When Chicken Little (voice of Zach Braff) is hit on the head by an unidentified object and claims the sky is falling, he becomes the laughing-stock of his home town, Oakley Oaks. A year later, determined to redeem himself, he joins the high school baseball team, hits a home run in a crucial game and becomes a hero. But then he's hit on the head once again - and reluctantly sets out to investigate what may be a real threat to the town.
Review by Jake Wilson:
Readers will recall the traditional version of Chicken Little, a timeless anti-scaremongering fable in which - spoiler alert - a mass panic fomented by the hero leads Ducky Lucky, Goosey Loosey and the gang straight into the jaws of Foxy Loxy, their pretended saviour. Needless to say, this is not the story the Disney corporation wants to tell. So this new Chicken Little is a hero, of sorts: a feisty little nerd in green hipster specs, who bounces off walls and babbles like Woody Allen. More spoilers: this time around the sky really is falling, though the climactic flying saucer invasion proves more benign than most. In fact not much is really new in this "edgy" spin on an old tale, aside from the digital animation, a first for a Disney feature. The cosy small town threatened by alien invaders suggests a received idea of the 1950s; the disco standards on the soundtrack make claims on a later generation's nostalgia; the attitudes are straight from last year's teen movies (strangely, Mean Girls seems to be a direct source). The verbal jokes are relentlessly knowing - these are talking animals who read self-help books and sing karaoke - but less funny than the more traditional visual gags; best of all are the winningly designed minor characters such as Turkey Lurkey, the idiot mayor whose head bobs like a golf ball in a stocking as he reads off cue cards. It's all good fun, but something is missing, and not just because Chicken Little's emotional "journey" is a dead loss (he finally wins the trust of his overbearing father - big deal). The intrinsic violence of the source material, the collision of decades and genres, the Little Golden Book landscape brought close to apocalypse - all this ought to feel mildly disturbing, even provocative, as it would in a movie by Joe Dante or Tim Burton. Yet the filmmakers seem cheerfully unconscious of any weirdness, as if they lacked a vision of their own, and were content to recycle old materials without worrying too much about their meanings. If a moral exists, it's a decidedly equivocal one: be alert but not alarmed. Turkey Lurkey would approve.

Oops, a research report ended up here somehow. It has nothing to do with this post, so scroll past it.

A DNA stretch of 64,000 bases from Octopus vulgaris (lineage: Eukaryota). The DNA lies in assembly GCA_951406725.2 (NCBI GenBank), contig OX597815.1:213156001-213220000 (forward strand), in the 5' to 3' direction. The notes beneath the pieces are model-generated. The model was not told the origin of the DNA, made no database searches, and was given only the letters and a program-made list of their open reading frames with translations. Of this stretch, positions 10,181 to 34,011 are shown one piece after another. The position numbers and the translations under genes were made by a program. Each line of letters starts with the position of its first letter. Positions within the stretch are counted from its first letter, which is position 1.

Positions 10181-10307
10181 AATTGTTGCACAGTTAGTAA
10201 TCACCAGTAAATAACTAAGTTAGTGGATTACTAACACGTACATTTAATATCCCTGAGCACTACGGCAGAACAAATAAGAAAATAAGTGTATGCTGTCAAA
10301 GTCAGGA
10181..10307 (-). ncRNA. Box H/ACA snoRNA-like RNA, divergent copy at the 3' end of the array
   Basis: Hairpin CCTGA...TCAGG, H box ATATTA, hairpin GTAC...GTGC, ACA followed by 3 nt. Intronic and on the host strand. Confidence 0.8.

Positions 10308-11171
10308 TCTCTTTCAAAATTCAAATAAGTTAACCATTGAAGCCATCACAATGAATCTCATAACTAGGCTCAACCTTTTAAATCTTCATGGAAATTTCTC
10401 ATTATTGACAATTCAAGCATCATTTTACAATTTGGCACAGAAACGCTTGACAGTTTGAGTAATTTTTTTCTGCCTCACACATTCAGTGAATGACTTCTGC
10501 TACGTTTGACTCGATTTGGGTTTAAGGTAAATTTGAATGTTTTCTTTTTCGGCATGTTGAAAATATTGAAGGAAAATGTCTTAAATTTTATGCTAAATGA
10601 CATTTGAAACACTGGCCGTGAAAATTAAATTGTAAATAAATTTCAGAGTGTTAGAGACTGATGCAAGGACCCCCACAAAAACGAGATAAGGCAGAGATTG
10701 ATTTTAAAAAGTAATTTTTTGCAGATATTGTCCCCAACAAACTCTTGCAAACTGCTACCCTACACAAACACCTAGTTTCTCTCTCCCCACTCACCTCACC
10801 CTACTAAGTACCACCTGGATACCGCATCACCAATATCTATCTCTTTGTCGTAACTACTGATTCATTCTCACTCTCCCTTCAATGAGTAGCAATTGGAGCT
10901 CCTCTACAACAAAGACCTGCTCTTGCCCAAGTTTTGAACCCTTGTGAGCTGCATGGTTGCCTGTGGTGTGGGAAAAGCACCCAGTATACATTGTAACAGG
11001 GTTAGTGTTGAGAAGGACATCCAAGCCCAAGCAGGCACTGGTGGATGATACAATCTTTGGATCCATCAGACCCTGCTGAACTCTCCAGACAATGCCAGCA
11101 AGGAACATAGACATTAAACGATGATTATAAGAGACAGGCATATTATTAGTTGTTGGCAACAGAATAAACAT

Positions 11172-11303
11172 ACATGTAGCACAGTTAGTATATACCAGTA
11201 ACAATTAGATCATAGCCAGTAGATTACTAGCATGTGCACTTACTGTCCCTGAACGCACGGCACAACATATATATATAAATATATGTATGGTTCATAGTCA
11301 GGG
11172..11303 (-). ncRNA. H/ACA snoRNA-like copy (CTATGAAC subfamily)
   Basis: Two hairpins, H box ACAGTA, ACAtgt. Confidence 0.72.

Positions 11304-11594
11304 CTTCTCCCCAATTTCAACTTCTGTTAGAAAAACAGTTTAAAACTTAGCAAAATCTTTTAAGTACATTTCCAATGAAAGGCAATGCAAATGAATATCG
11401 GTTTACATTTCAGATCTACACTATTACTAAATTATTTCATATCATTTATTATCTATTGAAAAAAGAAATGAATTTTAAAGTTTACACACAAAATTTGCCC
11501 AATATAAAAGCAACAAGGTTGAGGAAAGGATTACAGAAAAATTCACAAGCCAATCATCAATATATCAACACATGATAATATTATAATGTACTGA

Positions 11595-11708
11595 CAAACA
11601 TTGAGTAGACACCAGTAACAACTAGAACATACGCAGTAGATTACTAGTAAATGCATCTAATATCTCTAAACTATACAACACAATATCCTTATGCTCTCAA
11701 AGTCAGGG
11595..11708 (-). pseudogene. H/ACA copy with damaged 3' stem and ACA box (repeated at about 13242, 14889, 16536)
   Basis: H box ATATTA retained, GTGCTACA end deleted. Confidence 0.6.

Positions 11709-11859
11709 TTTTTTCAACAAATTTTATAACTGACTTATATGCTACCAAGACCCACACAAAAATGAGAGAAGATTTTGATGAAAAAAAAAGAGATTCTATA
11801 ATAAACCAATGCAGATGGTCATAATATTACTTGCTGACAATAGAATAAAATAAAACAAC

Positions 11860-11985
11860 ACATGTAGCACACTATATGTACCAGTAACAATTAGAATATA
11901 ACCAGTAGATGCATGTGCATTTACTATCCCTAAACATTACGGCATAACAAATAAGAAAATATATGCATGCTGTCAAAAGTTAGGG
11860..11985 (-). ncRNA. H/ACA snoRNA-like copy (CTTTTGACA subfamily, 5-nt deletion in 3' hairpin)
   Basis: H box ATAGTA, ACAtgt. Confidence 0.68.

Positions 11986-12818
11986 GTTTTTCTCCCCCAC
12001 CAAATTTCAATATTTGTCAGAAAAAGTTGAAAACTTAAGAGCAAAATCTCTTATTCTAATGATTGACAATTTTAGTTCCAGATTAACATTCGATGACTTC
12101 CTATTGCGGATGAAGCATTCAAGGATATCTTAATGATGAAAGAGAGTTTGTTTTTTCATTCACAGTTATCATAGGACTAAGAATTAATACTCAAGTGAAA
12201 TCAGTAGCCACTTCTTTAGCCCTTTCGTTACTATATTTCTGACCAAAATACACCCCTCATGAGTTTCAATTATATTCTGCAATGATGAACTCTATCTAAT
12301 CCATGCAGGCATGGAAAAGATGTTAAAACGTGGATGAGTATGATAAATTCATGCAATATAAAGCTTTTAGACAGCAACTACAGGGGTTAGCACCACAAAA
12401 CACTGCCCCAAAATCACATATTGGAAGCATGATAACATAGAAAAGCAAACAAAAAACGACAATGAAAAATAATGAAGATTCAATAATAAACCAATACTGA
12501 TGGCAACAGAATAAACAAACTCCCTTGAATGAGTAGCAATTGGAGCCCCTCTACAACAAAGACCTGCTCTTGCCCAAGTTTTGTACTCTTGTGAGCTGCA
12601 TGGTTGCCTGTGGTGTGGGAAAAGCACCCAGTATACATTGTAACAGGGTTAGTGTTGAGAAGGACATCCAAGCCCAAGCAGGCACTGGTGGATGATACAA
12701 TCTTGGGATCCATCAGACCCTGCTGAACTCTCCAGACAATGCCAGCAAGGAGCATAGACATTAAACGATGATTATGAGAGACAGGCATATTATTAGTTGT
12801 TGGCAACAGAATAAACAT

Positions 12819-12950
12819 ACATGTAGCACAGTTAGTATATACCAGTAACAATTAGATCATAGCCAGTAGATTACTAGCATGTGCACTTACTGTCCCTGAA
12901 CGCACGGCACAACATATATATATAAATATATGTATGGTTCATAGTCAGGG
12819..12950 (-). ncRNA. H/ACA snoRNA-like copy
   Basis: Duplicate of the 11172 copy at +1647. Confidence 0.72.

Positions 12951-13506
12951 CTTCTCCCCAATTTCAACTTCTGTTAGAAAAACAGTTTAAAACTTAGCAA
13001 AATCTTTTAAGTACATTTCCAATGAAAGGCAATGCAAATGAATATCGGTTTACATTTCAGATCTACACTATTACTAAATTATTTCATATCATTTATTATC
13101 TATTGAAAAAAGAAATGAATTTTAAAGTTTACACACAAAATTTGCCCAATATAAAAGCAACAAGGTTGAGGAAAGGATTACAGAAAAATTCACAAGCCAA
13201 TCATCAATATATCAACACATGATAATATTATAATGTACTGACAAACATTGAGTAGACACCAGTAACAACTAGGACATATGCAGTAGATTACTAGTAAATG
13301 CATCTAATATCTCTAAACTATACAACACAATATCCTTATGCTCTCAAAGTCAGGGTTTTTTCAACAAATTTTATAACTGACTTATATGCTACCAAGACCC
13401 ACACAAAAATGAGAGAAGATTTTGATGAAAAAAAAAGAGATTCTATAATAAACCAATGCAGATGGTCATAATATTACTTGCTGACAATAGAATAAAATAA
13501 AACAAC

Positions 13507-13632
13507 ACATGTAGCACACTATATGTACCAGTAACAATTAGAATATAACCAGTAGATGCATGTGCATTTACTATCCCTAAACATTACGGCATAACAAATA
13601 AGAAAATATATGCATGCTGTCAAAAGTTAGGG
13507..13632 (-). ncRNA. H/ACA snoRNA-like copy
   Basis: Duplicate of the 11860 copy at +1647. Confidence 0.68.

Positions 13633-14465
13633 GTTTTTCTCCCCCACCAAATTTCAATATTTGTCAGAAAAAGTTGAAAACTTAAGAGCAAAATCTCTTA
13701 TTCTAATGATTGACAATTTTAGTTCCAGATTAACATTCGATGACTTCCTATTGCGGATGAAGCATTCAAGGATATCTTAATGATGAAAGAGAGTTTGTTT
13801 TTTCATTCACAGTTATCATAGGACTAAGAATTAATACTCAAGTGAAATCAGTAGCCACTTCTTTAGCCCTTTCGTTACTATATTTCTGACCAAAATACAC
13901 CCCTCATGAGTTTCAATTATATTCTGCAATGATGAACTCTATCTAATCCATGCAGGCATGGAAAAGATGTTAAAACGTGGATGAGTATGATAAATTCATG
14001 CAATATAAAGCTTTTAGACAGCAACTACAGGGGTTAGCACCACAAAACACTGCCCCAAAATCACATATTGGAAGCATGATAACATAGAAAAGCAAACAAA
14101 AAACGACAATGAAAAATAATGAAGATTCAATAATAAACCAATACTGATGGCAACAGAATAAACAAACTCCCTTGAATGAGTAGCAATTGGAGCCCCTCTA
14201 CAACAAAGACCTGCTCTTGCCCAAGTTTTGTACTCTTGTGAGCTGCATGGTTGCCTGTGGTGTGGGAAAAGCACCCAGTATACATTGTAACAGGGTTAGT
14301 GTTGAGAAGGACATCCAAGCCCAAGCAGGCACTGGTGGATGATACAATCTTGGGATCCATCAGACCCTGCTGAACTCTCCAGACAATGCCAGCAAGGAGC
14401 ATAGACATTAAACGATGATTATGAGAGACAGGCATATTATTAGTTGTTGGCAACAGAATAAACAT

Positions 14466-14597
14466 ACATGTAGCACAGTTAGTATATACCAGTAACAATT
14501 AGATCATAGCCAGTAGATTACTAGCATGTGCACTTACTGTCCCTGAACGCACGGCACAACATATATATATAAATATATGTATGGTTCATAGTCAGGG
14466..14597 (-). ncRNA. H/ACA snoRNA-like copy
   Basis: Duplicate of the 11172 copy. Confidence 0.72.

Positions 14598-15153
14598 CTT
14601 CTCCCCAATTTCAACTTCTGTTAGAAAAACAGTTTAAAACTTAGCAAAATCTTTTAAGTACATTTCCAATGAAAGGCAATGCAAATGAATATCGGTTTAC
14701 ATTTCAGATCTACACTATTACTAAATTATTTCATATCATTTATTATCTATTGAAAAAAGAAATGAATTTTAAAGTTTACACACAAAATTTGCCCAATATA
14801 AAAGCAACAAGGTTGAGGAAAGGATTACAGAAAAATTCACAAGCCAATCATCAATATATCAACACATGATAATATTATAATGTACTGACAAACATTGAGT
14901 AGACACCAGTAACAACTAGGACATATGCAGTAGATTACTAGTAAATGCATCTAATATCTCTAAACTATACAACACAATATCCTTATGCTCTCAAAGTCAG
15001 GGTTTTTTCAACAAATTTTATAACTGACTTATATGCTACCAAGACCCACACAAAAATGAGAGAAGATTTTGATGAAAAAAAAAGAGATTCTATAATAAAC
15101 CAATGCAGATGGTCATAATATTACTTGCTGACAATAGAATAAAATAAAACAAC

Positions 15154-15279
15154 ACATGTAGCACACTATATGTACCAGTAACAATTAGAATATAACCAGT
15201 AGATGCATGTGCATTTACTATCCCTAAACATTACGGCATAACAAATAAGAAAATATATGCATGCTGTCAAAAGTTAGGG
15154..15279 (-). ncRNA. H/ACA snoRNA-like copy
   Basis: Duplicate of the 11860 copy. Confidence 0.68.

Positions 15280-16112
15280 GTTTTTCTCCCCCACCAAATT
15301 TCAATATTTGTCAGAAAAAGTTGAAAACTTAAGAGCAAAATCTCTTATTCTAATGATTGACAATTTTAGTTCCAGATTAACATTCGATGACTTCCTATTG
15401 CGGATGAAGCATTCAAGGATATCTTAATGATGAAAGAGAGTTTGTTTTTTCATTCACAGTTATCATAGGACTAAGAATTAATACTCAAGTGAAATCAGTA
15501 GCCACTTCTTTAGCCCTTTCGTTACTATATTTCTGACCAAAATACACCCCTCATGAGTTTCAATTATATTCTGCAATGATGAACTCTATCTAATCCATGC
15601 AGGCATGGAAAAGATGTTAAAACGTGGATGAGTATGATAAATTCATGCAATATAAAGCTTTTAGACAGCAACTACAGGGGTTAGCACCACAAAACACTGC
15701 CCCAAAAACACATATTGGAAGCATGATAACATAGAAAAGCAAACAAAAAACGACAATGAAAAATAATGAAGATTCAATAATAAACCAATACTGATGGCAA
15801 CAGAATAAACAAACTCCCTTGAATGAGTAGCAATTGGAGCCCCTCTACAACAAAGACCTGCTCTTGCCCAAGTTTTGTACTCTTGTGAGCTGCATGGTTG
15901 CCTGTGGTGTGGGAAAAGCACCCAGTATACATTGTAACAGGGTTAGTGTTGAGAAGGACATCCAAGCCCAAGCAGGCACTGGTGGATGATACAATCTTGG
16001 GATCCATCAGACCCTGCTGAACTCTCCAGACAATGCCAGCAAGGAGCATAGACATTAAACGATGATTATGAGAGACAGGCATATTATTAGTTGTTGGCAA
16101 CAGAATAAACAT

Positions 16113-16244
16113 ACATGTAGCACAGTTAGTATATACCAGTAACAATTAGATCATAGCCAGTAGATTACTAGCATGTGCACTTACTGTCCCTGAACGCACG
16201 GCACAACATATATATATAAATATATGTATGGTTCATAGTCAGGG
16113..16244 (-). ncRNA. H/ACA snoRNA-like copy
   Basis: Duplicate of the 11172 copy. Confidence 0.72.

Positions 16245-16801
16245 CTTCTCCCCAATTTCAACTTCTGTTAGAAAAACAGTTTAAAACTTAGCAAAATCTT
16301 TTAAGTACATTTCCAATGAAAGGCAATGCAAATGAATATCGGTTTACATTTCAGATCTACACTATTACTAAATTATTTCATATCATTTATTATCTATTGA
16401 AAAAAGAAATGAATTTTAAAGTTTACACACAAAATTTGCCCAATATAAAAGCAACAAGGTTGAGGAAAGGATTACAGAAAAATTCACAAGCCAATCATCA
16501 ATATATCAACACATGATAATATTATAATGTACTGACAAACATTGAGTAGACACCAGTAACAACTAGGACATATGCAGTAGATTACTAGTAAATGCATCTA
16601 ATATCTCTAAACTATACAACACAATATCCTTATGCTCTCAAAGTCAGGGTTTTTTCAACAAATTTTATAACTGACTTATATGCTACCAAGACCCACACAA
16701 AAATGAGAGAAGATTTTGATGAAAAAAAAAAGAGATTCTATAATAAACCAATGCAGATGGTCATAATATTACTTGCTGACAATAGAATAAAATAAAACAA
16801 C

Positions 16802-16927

Email this article
CHICKEN LITTLE (PG)
VOICES: Zach Braff, Garry Marshall, Don Knotts, Patrick Stewart, Amy Sedaris, Steve Zahn, Joan Cusack, Dan Molina, Wallace Shawn, Fred Willard, Catherine O'Hara,Patrick Warburton, Adam West
PRODUCER: Randy Fullmer
DIRECTOR: Mark Dindal
SCRIPT: Steve Bencich, Ron J. Friedman
EDITOR: Don Molina
MUSIC: John Debney
PRODUCTION DESIGN: David Womersley
RUNNING TIME: 81 minutes
AUSTRALIAN DISTRIBUTOR: BVI
AUSTRALIAN RELEASE: January 1, 2005
RIVERSIDE SCREEN PREMIERES
A program of premiere screenings of new movies prior to their commercial release
on 6 consecutive Tuesdays, starts February 17, 2015 at Riverside Theatre,
Curated & presented by Andrew L. Urban, discussion to
follow with special guests. Briefing notes provided.